A Legacy of the Propaganda: The Tripartite View of Philippine History by Dr. Zeus A. Salazar
The broad division of most national histories in the Third World into: precolonial, colonial, and post-colonial has its equivalent in Philippine historiography and historical consciousness. The Filipino view, however, was worked out even before the Spaniards were driven out of the country. It was, in fact, a major weapon in the ideological armory of the Filipino struggle against the Spanish colonial regime. Elaborated during the Propaganda Movement, it became the historical worldview of the Revolution which was considered to be the final struggle to bring about the period of freedom from colonial bondage. Imbibed by Filipinos of today as part of the revolutionary heritage, it still dominates ordinary Filipino thinking about Philippine history and history as such. By inextricably attaching our people's history to the colonial phenomenon, it in fact still nourishes what has been called "colonial mentality" down to the very depths of the popular (and, to an extent, even professional) historical consciousness. During the Propaganda and the Revolution, however, this tripartite view of our national history had a positive effect on the burgeoning national psyche. Its power as an idée-force came from its being a highly emotive reaction against the Spanish bipartite view of Philippine history which had supplanted an earlier Filipino historical consciousness. The Indigenous and the Spanish Views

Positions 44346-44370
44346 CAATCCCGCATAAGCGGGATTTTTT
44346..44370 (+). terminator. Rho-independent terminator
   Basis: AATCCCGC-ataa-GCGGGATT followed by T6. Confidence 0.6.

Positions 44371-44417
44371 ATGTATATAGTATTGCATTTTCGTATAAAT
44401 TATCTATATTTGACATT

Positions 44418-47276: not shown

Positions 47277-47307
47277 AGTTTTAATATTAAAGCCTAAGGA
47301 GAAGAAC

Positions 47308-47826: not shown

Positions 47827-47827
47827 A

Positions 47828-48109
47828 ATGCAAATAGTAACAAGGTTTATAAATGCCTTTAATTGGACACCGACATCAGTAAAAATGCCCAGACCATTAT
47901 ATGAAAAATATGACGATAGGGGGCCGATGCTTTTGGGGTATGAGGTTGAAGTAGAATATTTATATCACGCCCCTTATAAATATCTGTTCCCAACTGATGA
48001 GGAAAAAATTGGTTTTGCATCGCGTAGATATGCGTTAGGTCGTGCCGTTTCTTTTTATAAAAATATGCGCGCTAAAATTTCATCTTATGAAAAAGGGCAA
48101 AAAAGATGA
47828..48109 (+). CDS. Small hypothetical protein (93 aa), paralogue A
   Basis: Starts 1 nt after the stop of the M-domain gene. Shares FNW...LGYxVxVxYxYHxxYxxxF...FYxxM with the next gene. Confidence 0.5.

We had, at the arrival of the Spaniards an indigenous sense of history, but scarce regard for the past as history. Unlike the French histoire (which derives from the Greek word for "inquiry" whose Indo-European root, wid, had given Gothic witan (German wissen, English wit) or "knowledge" and Sanskrit Veda or "knowledge par excellence, mystical knowledge"); or unlike even the German Geschichte (from geschehen "to happen," as in a story of history, which are the meanings of the substantive), our word for "history" in Tagalog does not refer to knowledge, to the search for information or to what happened in the past as such. Kasaysayan comes from saysay which means both "to relate in detail, to explain," and "value, worth, significance." In one sense, therefore, kasaysayan is "story" (like German Geschichte or another Tagalog term, salaysay, which is probably simply an extended form of saysay). But kasaysayan is also "explanation," "significance," or "relevance" (may saysay "significant, relevant;" walang saysay or walang kasaysayan, meaning "irrelevant; senseless"). What was then important to us was the story and its significance, in so far as this could be explained and made relevant to a particular group. Now, apart from the lack of reference to inquiry (the methodological aspect which, up to the end of the Spanish regime, was hardly heeded), that is exactly what history is all about, knowledge being actually meaning rendered understandable and relevant to a group of people. From their kasaysayan, however, our ancestors derived a different sense of history. For our ancestors had a sense of the eternal recurrence of natural and human phenomena: day and night, the seasons, seed and plant, the cycle of life and death, the passing and coming of generations, youth and age, planting and harvesting, war and peace with neighboring barangays. There would therefore be myths and legends about these recurrent "events," for they had kasaysayan –– meaning and relevance –– to their lives, to be explained and recounted in detail to everyone. Our ethnic literatures and religions are replete with these explicative stories. Equally relevant to the community were the genealogies which made the elite families, descend from the gods, thus explaining their socio-political primacy. It was a practice common to the entire archipelago, closely connected with the religious ideology of the epics which, because they contained these "vain genealogies," were sung precisely under...
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